Always Father, never Dad By The Rev. Bruce Wellems
Photo courtesy of the Rev. Bruce Wellems
Wellems catches walleyes with Frank and Fabian Garcia on a recent camping trip.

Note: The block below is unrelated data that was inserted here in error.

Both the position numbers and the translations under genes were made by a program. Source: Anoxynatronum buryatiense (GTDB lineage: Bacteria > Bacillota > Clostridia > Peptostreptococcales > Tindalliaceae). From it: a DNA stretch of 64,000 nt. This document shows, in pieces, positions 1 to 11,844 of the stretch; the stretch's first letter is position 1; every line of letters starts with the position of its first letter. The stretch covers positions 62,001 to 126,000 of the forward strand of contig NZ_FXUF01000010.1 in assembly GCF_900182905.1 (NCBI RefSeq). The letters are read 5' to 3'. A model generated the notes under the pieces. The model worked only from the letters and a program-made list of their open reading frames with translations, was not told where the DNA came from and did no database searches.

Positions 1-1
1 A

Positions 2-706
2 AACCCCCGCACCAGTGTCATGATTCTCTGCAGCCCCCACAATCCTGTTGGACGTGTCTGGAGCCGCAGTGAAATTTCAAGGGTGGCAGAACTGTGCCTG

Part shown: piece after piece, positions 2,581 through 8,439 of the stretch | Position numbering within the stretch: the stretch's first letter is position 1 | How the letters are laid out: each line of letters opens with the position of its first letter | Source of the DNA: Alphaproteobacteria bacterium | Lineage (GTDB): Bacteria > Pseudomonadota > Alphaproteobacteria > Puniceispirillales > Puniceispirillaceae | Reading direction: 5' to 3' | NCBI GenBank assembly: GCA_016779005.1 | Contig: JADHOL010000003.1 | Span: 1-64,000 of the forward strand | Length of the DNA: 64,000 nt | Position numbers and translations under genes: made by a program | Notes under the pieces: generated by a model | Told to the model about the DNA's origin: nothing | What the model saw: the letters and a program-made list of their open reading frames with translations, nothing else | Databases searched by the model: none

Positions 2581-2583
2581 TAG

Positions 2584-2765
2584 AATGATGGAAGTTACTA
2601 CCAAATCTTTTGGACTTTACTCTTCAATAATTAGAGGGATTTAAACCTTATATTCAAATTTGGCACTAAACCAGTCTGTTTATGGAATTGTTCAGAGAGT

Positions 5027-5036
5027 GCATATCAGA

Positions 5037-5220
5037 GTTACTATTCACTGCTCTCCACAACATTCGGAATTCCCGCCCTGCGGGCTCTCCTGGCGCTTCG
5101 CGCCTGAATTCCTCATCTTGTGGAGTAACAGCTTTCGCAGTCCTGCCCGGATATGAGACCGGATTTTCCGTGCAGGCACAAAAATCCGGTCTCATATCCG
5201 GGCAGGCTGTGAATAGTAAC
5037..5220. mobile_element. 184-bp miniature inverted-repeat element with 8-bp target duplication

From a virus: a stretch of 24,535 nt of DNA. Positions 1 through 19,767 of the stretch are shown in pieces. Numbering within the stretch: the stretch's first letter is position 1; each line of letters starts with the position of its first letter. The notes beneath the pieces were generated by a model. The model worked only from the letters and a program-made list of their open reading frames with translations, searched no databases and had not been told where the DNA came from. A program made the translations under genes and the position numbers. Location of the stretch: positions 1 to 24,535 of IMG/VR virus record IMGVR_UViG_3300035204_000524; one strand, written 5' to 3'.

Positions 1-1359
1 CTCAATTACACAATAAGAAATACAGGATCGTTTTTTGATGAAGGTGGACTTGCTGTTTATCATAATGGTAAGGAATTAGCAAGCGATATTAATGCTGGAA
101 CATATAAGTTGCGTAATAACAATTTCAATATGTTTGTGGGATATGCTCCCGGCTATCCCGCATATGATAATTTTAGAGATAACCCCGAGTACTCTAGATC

The dad was standing on the sidewalk, hung over from the night before, when he stopped me as I was passing by his home. "You know, Father," he said, "you are more of a dad to my kids than I am. You really are their father." "No," I said firmly, hoping he was sober enough to listen. "You are the father of your children. They are your kids and they will never forget it. They know they have you as a dad." Despite the alcohol, I knew him as a man who cared. Somewhere along the way, life overcame him and he lost control. Still, I was not about to let him off the hook. I knew his three kids from the children's choir, which I direct. His boys, ages 12 and 13, were talented marimba players, and the 10-year-old girl could sing. But these children were angry. A father figure was not a substitute for a dad. They needed and deserved the care and encouragement of a dad. Maybe he sensed that, too. Maybe my words hit him at the right time. From that day on, eight years ago, he stopped drinking. I am not a dad, not in the strict sense of the word. I am a priest in the Catholic Church who accompanies families in their spiritual journey. I have chosen a celibate life, which means I will never father a child. Perhaps ironically, I became a priest because I was drawn to family. I believe the gospel is about family life. This is sacred work involving the very rhythm of life. When I celebrate Mass, I celebrate a family meal where we tell our family stories. My priestly dad mission is to create the value of being together as family wherever I go, in whatever way I can. I see this need often through my work in the Back of the Yards, a mostly low-income area filled with children. I offer a role model to the kids and to their parents who had no role model. My own role model is my father. Thomas J. Wellems has six kids--five boys and one girl. He is 80 and still living in New Mexico where he and my mother raised the family. He was a U.S. Army colonel in World War II, an engineer responsible for making sure the bridges were in place so that the soldiers could move forward. After the war he became a civil engineer, responsible for building schools for the federal Bureau of Indian Affairs. When I told my father I was going to become a priest, he said, "No, you're going to go study math and do something practical with your life." But he led me by example. He pushed organization and responsibilities. He was an active, social guy. He wasn't immune to anger. In fact, he planted a hedge between our house and the neighbors when the man next door insulted my brother. Later, it was my father who nursed the man through his cancer and helped him, literally, through to his dying day. Dad took care of the neighborhood and valued education. He pushed us toward school and made us do our homework. If he sent us to the priest, it was to talk about college plans. I see the roots of the scholarship program I started in my dad. I remember Dad taking me out to this dry gully to teach me to drive when I was 15. I got the truck stuck. I started crying and he looked at me and said simply, "You can get through this." We got out of the truck, he took a big slab of rock, showed me how to clear the sand and get the rock under the tire to get the truck moving again. He always said you keep things moving so you don't get stuck. I guess I do the same thing here. Helping these kids stuck in tough situations find a way to move forward and find their full potential. I am also a white man living in a predominantly Mexican neighborhood. And despite the differences, I have found it easy to embrace the culture because these people's lives revolve around family. And for me, family has always been the key to church life. I think of my family as an entire neighborhood and my marriage is to a big staff of caring men and women dedicated to working around the clock to help. In the Back of the Yards, there are 150 children per block under the age of 18 and six elementary schools with 1,000 kids each, five blocks from my house. Last year, there were 2,000 births in my ZIP code alone, the most of any in Chicago. Like any parent, I think that no matter how many children we have, every one is special. And while I have a tremendous respect for these parents and the fact they are working hard to give their kids a better life, often the children are undirected and lost. That's when we step in. Sometimes it means I have to learn the Chicago school system, join the Local School Council or help start an alternative public school. Sometimes it means putting together a day-care center or a parenting program or an arts program. In the past 13 years, we have created a day-care center, a folk dance troupe, a marimba band for girls and boys, a children's choir, a literary publication, tutoring program, computer lab, two book groups, five reflection groups for talking, two alternative public high schools, a mentor program for pre-teens, a health program and a parenting program as well as the Kid's Caf, where we serve food to 100 kids four days a week from 3:30 to 5:30 p.m. to teach them about nutrition. The work and our organization, like our family, have grown. But no matter what, the grassroots job of getting to know each family, each child and his or her parents is important. In a way, I have a lot of the headaches of being a dad without a lot of the rewards. I deal with the problems but once the children move on, I may not hear about the successes. And yet, I don't have the same pressure as parents. It is not my job to push these children. It is really not my job to judge their actions either. I can help them see where they need to go. I can help them see the consequences to their actions. But I don't have the luxury of getting mad at them even when I feel angry. Because they are not my children, because I am the priest. They can come back to me at anytime, even after exhausting all their chances and opportunities, and my first job is to forgive and console. As a guest dad, I am there to accompany them on their journey and to listen. Sometimes I hear amazing things. Eleven-year-old Andres stood at my side insisting, "Come and see my brother, he has been shot in the knee." It was just after the children's choir practice, and I was in no mood for a home visit after directing 40 children. His 14-year-old brother was a well-known gang member. But I went to Andres' home and the first words out of his brother's mouth were, "Father, I want to go back to school." I was dumbfounded. We got him into a Catholic school. He dropped out, but eventually he earned his G.E.D. and stopped the gang activity. There is a special day in the Catholic Church, "The Presentation of the Child, Jesus in the Temple." This year our parish committee decided to highlight the children of our parish with a procession. The children would carry candles and we would offer a special blessing. About 100 children lined up, holding candles. I stood there worried about the children holding fire, and thinking maybe I should find a new committee. Anxious for the opening, a girl no more than 10 turned to me and said, "Why are we doing this?" I explained, "Because today we celebrate children--each of you is a light for us to see." Without missing a beat, she replied, "We should do this everyday." As a dad, I have to agree.